A flat-topped Decolike. This was a difficult style to work with!
Semiserif semispur minimalism.
This design uses a few novel glyph-shapes and techniques to achieve its look. Most notable of these is the serifed a which lets the serif protrude to the right. I avoid this feature in almost all designs, especially pixel fonts, because it adds an unnecessary 1px of spacing - but for this font, the feature can be included without changing anything for the worse. Many other glyphs have this same sort of protruding serif/spur, and the slanted geometry of the serifs/spurs affords them a look that "retreats" from neighboring glyphs, rather than seeming to protrude into them.
A rounded, incised, spurless sci-fi design with a heavy emphasis on visual balance. Language support is in progress.
A small-grid font with character.
- No angles.
- Asymmetry should be present wherever feasible.
Version 1.5: All permutations of E and F were refined and improved.
A modernized, rounded, and truncated version of Marengi. This is made to be a good text editor/chat font. It has very few kerning pairs, so it should render fine in any software.
Ascenders are only allowed to be as tall as the uppercase/numerals, while descenders are allowed to go 2px below the line. This creates a natural line spacing that is readable and not too dense. (Diacritics break this rule, of course... darn them...)
Gone are the curved descenders/termini on letters like gjty. The simpler geometry makes this design more suited to speedreading than its predecessor. In fact, altering those four letters alone improves speedreading on this font by up to 14%!
09JUN2019: I have been using this as my main IRC/chat font for some time now. Of all my chatfont designs, this has proven the easiest to read and use.
Original size: 6pt (use multiples of this size for pixel perfection)
Font with 4x6 global matrix and no line spacing. Made for a number of specialized uses - bitmaps, marquee displays, media player skins, medium-canvas pixel art, etc.
Original size: 4.5pt
V0.2.6: Finished Cyrillic.
A small scale faux-bezier design with a cutout-esque look. It offers different advantages at different sizes. Most glyphs are legible down to 4pt.
As this design evolves, it gives me an increasing "board games" feeling. This design seems very well-suited for board game parts, especially cards and smaller plastic pieces.
This has a few notable design features:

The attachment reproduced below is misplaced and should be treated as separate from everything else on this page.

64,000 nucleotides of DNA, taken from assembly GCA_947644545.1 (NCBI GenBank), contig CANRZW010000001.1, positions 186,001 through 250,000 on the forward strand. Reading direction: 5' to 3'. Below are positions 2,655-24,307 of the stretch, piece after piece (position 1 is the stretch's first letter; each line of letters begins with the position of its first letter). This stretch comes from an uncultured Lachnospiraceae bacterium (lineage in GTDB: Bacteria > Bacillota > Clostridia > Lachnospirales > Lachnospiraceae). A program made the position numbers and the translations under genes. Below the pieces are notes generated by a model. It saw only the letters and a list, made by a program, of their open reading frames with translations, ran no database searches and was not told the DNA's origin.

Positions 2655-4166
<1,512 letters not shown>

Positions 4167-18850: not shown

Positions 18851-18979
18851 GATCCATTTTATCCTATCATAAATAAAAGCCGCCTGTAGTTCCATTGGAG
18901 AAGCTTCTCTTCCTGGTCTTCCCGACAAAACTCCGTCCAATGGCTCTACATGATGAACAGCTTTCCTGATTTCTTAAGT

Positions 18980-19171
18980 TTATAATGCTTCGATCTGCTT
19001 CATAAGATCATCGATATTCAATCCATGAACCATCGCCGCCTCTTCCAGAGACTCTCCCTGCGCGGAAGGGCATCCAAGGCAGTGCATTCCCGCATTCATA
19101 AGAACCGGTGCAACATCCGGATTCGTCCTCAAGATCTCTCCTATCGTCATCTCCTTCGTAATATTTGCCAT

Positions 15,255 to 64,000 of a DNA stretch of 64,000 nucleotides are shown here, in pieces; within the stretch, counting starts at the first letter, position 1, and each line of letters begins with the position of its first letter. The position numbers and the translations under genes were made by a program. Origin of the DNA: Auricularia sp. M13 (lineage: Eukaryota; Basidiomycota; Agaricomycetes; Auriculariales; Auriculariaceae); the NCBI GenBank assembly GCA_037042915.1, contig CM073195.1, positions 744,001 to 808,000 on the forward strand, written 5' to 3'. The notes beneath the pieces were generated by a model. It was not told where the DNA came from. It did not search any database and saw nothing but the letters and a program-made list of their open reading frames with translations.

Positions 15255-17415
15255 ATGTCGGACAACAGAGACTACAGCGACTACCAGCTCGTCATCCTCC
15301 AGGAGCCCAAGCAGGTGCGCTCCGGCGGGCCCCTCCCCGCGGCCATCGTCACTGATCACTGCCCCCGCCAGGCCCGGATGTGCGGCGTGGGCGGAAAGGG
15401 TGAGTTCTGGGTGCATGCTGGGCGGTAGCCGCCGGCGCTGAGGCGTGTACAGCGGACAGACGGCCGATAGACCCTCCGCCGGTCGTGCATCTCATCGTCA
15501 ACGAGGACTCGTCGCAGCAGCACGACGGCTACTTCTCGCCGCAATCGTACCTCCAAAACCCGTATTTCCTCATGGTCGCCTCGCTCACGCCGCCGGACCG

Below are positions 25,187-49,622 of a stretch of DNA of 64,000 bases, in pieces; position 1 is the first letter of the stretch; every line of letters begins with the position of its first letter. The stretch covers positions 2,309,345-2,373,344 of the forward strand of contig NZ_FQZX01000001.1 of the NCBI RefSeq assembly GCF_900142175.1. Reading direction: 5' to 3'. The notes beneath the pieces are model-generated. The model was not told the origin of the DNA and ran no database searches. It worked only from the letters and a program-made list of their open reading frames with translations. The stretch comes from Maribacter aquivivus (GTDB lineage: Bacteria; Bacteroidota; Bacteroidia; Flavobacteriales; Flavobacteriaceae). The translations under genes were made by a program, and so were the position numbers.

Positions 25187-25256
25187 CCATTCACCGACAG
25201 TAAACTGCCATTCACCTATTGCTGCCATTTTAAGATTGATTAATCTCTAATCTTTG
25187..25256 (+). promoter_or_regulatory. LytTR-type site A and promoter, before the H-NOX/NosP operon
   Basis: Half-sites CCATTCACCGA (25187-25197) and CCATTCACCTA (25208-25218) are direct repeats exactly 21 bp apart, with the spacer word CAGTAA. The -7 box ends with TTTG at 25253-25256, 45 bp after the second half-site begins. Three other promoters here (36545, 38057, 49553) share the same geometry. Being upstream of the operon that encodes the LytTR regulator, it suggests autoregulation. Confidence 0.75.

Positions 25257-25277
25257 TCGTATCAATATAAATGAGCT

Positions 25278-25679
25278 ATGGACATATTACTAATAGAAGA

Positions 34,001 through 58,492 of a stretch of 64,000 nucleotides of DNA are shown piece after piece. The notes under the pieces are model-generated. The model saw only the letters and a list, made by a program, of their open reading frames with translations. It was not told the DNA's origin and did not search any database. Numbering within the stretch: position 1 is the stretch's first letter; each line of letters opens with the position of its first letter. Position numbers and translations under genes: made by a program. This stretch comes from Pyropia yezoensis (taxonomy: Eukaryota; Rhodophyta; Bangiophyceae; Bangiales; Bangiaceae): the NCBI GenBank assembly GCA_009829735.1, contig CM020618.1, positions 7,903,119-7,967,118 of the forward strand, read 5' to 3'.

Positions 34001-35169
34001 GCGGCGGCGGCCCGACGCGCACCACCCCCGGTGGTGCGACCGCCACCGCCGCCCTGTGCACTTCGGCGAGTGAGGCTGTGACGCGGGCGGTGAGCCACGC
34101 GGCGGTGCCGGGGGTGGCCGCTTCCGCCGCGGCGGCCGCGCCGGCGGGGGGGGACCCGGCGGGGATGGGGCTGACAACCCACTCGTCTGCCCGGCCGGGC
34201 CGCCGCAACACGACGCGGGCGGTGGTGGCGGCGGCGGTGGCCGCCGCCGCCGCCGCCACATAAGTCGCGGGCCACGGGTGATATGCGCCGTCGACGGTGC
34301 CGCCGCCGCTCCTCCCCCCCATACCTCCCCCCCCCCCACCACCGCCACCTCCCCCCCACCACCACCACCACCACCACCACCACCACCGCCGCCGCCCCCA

- Asymmetry helps keep letters like bdpq from being confused for one another
- Serifs and flags accomplish the same thing for groups of similar letters such as ce and ftſ
- Semiserif style helps reduce the need for kerning to almost zero
- Simplified polygons and counter shapes help pixel optimization
See also:Cartoon Riot
- Some Latin
- Russian Cyrillic
- Google Fonts
- Currency Symbols
- Arabic (WIP)
Revisiting Celosia, this time with faux-beziers instead of pixels.
Alternate @ design on ©.
A condensed, rounded, and modernized Esperhand in a higher resolution.This is a clone of Esperhand
A variant of Tangereen 3. Hard to read, but has a certain ornamental appeal.
Lately, I've been busy learning 3D modeling, vector art, and digital art things. So I only envision myself making more FontStructions when I need them for an existing project. I've already done all the designs based on my own past work - or at least, all the ones that are possible to create here.This is a clone of Tangereen 3
Paradoxy Effect, without the Effect. Quite a drastic transformation!This is a clone of Paradoxy Effect
A continuation of Tangereen. This version took a lot of figuring out and a lot of changes, both aesthetic and structural. I managed to make it different from other double-line designs like Glitzfang and Junglira while still keeping it simple and cute.This is a clone of Tangereen
The center portions of these glyphs make me think of sliced oranges and moon phases. They could act as cabochon settings, as well! So you could use these shapes to make jewelry set with a birthstone, monogrammed pendants/insignia, and so on.